They call for releasing test items (good luck with that), the standards weighting and more detail in student scores. I'd suggest adding to the list how the tests are scored, how the test items were validated (if at all), and how the cut scores are set.
Recommendation Thirteen: Reduce number of days and duration for standardized tests
Sure. Good idea. Next, reduce punitive uses of test results so that nobody feels compelled to spend half the year doing test prep.
Recommendation Fourteen: Provide teacher flexibility to use authentic formative assessment.
What?! Trust teachers to do their jobs??!! That's crazy talk, Task Force. Unless.... Uh-oh.
The State and local school districts must support the use of standards-based formative assessments and authentic assessments woven into the routine curriculum along with periodic diagnostic and benchmark testing. The goal of these assessments is to monitor student learning to provide ongoing feedback throughout the school year that teachers can use to improve instruction and students can use to improve learning.
Okay. That could mean "let teachers teach" or it could mean "bring on the highly profitable Competency Based Education."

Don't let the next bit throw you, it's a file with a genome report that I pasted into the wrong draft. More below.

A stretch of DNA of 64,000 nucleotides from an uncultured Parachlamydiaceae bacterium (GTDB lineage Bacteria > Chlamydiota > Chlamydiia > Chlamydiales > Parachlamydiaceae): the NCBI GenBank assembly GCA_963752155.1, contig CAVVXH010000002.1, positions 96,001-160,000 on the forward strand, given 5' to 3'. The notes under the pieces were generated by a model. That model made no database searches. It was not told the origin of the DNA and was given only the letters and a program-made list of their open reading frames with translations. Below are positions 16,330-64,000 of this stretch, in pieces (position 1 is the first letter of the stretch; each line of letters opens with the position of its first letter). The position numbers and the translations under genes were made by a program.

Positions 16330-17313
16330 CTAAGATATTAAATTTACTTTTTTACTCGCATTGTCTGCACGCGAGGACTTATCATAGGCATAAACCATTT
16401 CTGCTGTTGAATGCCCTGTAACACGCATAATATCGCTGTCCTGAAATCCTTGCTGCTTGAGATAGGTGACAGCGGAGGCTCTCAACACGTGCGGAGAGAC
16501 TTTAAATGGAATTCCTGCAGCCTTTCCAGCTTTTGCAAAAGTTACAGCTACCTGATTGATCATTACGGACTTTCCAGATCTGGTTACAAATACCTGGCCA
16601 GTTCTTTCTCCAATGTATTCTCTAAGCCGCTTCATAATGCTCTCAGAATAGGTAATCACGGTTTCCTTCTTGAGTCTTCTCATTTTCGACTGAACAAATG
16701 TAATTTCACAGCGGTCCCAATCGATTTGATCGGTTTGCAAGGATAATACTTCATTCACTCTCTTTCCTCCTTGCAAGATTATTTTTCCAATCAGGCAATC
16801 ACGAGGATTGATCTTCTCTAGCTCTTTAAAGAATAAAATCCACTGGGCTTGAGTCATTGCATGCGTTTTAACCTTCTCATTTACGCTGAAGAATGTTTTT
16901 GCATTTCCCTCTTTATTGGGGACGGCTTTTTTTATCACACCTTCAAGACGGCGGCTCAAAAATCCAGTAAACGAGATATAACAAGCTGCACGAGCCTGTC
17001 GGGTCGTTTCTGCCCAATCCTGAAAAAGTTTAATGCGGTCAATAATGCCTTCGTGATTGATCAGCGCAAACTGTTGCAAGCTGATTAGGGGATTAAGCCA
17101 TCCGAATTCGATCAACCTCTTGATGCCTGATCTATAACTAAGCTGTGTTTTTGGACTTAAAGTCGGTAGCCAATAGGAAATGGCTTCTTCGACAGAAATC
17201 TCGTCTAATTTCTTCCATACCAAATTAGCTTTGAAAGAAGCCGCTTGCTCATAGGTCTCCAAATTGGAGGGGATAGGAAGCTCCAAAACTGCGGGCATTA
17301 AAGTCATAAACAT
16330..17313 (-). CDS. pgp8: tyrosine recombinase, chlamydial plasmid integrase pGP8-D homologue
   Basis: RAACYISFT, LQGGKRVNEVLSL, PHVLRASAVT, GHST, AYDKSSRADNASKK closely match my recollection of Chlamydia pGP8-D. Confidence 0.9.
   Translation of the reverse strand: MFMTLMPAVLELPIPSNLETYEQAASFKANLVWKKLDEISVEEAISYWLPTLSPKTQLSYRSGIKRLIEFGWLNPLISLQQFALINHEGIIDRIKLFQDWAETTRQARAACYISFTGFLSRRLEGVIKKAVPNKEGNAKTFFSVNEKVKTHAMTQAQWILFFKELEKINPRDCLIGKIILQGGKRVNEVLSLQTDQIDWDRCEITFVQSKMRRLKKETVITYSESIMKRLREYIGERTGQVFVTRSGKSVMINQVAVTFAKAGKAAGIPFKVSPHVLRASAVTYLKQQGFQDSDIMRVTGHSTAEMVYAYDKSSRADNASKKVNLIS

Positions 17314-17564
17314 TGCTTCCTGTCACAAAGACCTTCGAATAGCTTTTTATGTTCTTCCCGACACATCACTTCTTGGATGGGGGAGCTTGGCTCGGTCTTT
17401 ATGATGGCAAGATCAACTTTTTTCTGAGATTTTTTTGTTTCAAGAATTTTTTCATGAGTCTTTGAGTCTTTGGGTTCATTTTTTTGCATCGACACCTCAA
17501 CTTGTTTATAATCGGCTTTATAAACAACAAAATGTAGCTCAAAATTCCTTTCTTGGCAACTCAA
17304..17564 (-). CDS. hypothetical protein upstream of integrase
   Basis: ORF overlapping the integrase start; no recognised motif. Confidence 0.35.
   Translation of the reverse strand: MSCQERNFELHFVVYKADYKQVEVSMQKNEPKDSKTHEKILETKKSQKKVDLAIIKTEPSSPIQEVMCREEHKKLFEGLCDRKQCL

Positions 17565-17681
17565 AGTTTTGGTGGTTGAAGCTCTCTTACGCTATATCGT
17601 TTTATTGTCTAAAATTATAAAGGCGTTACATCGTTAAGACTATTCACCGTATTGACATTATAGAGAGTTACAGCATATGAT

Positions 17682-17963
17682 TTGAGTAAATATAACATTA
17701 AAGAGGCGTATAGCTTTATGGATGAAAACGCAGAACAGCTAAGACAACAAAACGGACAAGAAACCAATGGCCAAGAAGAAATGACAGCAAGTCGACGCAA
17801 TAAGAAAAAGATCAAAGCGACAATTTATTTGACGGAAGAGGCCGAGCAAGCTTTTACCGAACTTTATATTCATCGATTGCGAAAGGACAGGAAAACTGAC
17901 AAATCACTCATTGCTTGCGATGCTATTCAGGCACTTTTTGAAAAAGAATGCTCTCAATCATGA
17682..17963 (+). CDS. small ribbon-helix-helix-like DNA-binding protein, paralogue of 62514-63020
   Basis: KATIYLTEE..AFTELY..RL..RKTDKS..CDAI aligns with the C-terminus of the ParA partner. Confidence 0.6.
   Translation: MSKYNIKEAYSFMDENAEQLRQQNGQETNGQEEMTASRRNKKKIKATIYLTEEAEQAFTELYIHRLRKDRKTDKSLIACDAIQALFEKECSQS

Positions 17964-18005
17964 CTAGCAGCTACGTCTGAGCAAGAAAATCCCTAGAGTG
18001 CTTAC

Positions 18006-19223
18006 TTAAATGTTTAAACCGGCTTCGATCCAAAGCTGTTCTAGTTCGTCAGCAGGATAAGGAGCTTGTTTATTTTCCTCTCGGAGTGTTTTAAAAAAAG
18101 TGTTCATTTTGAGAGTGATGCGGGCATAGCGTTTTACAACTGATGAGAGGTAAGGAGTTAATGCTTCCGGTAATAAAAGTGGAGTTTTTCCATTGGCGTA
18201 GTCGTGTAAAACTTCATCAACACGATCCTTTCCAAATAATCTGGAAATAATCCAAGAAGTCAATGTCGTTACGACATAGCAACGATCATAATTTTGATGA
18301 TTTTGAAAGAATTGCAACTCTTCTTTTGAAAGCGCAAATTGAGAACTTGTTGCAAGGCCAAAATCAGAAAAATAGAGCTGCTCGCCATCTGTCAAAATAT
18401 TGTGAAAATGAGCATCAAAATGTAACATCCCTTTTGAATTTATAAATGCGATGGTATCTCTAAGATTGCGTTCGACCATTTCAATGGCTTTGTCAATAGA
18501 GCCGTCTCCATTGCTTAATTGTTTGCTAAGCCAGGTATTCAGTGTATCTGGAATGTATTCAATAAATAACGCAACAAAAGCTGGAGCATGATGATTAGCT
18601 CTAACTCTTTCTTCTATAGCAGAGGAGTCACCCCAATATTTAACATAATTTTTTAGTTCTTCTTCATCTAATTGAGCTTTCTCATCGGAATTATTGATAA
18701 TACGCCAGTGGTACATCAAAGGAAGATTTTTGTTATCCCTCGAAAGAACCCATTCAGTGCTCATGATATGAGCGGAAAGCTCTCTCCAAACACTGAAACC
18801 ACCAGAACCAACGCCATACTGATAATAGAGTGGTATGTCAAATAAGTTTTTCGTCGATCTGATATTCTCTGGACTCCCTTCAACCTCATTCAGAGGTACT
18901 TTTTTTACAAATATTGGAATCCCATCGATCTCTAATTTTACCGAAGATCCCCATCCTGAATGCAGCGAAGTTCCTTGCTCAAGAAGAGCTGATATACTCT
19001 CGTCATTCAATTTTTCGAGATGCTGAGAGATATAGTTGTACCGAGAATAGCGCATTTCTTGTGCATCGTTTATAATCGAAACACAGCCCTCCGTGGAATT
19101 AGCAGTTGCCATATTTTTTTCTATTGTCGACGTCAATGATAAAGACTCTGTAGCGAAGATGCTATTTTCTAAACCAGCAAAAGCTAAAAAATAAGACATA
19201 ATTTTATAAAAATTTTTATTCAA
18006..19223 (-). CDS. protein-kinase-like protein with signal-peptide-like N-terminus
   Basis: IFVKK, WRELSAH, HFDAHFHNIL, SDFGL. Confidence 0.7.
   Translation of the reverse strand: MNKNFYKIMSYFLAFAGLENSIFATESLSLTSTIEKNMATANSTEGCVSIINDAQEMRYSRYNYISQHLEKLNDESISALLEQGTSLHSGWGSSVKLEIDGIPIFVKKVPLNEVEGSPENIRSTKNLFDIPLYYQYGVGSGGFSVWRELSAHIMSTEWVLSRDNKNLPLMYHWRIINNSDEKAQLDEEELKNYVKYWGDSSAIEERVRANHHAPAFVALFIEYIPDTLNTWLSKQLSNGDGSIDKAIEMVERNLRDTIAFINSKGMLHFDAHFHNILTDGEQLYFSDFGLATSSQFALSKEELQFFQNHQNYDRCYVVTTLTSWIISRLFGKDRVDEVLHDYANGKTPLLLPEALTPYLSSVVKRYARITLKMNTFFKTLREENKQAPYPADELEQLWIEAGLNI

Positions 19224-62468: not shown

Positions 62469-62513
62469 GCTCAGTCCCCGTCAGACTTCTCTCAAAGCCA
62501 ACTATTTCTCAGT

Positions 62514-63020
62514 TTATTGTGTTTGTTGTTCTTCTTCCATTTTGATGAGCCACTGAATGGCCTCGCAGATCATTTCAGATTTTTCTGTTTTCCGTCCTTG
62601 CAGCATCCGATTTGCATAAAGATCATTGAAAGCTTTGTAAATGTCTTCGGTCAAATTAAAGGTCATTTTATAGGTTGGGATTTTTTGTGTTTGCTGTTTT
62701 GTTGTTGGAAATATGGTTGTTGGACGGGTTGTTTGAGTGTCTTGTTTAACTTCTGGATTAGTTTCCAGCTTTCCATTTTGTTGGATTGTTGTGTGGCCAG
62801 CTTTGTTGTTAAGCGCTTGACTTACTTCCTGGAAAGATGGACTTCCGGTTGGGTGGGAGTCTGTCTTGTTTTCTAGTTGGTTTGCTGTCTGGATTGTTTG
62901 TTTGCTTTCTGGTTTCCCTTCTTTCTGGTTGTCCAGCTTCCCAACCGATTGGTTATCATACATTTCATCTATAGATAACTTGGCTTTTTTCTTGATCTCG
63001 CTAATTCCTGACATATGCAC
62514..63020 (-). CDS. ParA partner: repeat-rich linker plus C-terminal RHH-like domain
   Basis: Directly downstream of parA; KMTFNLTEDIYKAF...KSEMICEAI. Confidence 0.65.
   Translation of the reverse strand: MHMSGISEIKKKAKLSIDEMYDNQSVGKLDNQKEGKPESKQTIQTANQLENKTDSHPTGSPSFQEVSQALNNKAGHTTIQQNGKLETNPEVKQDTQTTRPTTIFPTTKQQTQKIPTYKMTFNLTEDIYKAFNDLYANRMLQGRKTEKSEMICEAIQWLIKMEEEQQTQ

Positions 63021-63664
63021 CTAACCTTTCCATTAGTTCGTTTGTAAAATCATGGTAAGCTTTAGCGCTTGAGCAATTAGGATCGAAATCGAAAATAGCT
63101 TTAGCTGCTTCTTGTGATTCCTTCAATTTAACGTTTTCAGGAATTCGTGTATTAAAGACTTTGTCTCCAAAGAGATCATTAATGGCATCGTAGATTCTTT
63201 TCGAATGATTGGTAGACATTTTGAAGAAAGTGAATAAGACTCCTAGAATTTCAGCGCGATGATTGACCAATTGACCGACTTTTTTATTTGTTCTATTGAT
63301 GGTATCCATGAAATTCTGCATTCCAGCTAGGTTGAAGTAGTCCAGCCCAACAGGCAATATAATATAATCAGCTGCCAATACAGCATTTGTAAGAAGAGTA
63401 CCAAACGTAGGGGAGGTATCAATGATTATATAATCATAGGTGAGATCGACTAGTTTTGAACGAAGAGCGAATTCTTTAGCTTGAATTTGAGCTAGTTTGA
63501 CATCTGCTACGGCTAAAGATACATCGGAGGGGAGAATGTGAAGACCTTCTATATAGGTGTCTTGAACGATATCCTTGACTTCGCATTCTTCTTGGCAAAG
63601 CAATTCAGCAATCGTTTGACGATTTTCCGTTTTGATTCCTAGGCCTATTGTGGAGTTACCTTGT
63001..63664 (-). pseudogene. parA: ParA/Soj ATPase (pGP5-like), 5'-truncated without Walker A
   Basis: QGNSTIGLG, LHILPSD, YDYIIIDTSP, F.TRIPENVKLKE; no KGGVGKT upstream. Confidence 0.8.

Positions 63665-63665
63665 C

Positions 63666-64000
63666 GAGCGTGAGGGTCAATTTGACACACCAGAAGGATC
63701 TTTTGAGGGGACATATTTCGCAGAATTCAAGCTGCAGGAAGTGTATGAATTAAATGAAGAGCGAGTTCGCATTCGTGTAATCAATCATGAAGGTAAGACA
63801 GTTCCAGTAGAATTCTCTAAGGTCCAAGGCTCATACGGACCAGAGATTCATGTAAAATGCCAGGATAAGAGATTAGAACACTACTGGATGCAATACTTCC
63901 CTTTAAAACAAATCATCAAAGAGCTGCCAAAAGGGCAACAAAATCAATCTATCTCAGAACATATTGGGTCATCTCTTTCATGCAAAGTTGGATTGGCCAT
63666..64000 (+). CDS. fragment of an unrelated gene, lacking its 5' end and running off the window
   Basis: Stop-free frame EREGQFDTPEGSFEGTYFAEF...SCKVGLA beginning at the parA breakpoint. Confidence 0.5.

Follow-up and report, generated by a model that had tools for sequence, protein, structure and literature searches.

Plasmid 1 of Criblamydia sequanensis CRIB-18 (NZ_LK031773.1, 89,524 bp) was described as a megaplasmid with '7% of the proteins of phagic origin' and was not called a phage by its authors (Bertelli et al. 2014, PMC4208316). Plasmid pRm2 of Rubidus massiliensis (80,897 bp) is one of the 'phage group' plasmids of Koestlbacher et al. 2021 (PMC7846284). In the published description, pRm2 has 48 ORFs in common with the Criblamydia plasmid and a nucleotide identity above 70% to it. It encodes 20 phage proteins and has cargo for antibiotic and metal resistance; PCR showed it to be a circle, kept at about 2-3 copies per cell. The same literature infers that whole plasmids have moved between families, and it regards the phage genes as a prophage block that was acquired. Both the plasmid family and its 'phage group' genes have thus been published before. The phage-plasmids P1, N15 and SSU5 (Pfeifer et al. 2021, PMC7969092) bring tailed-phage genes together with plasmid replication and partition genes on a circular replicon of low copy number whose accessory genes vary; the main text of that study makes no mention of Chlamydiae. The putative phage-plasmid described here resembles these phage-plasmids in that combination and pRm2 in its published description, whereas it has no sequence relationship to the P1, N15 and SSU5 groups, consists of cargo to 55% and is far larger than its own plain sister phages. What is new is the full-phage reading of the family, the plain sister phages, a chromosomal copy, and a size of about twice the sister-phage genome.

Recommendation Fifteen: Check out an untimed approach
Another surprising finding. When you give students a high stakes test with a time limit, they get anxious.
Recommendation Sixteen: Provide flexibility for students with disabilities.
Recommendation Seventeen: Protect and enforce accommodations for students with disabilities.
Recommendation Eighteen: Explore alternative options to assess the most severely disabled students.
These are aimed directly at the feds, who, as part of their ongoing program to make all disabilities to vanish by just expecting real hard, denied New York's request to make testing accommodations for students with disabilities. It's hard to predict how hard Acting Pretend Secretary of Education John King (whose previous job, you may recall, was making a hash of education policy in New York) may push back on this, and the real battle will come down to the future Secretary of Ed.
Recommendation Nineteen: Prevent students from being stuck in academic intervention based on one test.